Once the common hacker knows how to get a wifi signal, change the signal to light then they have to start over, relearn and buy far more expensive equipment instead of using the network adapter that came in their laptop or costs $5 online. If a window coating can prevent RF escape, why isn't it fair to say a basic window blind can prevent sufficient light escape?

Ultimately you are still correct that extending detection range through a window has a security drawback, we should see the marketing like context the claims were made within.

RE: Beefed-up security my ass
By PrinceGaz on 10/7/2008 7:30:33 PM , Rating: 2
The reason visible-light transmissions are so much more vulnerable than wifi, is that it will be much easier to spot potential hot-spots, as you can quite literally *see* them. They will also be much easier to target as you could use even a cheap telescope to focus on a very small target from a considerable distance with an extremely high gain, unlike high-gain RF antennas which in the UHF range are very bulky.

Anyone who is already going to the trouble of snooping on connections to steal information, would have no problem adapting a cheap telescope to allow them to snoop on light communications. In many ways it's easier as you can see exactly where you need to point it, and a good telescope with a spotter-scope would allow you to selectively pick targets all around your neighbourhood one after another until you found one that was useful.

Relatively long-wavelength microwave transmissions (such as those used by wifi) can be easily blocked with coatings that do not stop visible light-- an extreme example of this is in a microwave oven where the mesh on the oven door allows you to safely look into it as it cooks food, despite the fact that a magnetron inside is pumping out around 1KW of microwave radiation. The relatively simple screen on the door along with the metal body of the rest of the oven almost completely blocks those powerful microwave transmissions. We can easily coat windows with unobtrusive highly-effective RF shields and even more easily coat walls as they don't have to be so transparent to visible-light.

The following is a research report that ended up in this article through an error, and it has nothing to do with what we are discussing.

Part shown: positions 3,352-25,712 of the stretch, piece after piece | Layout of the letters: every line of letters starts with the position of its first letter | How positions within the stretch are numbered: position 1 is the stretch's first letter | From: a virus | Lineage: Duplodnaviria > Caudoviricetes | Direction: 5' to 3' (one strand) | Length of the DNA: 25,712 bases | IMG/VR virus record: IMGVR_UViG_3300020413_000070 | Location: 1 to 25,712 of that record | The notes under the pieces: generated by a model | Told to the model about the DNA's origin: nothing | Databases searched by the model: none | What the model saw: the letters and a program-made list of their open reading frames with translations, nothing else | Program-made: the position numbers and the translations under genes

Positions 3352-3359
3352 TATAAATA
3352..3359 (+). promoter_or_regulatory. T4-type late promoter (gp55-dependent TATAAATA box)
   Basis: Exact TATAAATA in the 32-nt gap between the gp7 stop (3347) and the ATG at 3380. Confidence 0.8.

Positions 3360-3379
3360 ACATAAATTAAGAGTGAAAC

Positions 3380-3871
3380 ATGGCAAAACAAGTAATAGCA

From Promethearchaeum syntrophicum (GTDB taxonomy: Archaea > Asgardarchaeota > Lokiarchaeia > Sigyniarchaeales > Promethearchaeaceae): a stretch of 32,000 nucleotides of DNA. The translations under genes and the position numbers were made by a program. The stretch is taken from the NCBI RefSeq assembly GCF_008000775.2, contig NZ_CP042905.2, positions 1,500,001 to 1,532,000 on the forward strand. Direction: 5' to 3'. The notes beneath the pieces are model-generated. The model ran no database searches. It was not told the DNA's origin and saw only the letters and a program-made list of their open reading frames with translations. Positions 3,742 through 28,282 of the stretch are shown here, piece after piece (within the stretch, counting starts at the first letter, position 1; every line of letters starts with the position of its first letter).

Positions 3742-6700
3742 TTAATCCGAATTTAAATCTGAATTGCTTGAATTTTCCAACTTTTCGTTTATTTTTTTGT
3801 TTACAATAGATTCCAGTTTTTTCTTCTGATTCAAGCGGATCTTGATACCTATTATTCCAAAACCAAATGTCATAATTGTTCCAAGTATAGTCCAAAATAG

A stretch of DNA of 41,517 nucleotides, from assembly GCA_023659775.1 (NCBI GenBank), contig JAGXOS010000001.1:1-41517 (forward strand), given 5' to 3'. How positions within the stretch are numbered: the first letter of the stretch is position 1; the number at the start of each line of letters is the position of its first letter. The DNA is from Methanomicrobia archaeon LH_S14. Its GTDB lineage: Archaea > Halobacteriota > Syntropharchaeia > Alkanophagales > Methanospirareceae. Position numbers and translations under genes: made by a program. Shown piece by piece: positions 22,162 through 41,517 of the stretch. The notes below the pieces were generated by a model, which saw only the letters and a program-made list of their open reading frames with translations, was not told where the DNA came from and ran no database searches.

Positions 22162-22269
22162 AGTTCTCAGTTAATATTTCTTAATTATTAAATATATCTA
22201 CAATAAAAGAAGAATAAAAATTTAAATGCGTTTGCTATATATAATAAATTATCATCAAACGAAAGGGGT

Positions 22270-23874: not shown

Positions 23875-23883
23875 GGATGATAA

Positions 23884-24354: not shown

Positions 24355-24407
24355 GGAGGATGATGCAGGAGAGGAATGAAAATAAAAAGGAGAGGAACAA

On the other hand, using visible-light for network-traffic absolutely requires that visible-light is blocked, which makes a mockery of the desire to be in a room with a window that lets you look outside. A world with light-networking would probably require a world with windowless-houses.

"So if you want to save the planet, feel free to drive your Hummer. Just avoid the drive thru line at McDonalds." -- Michael Asher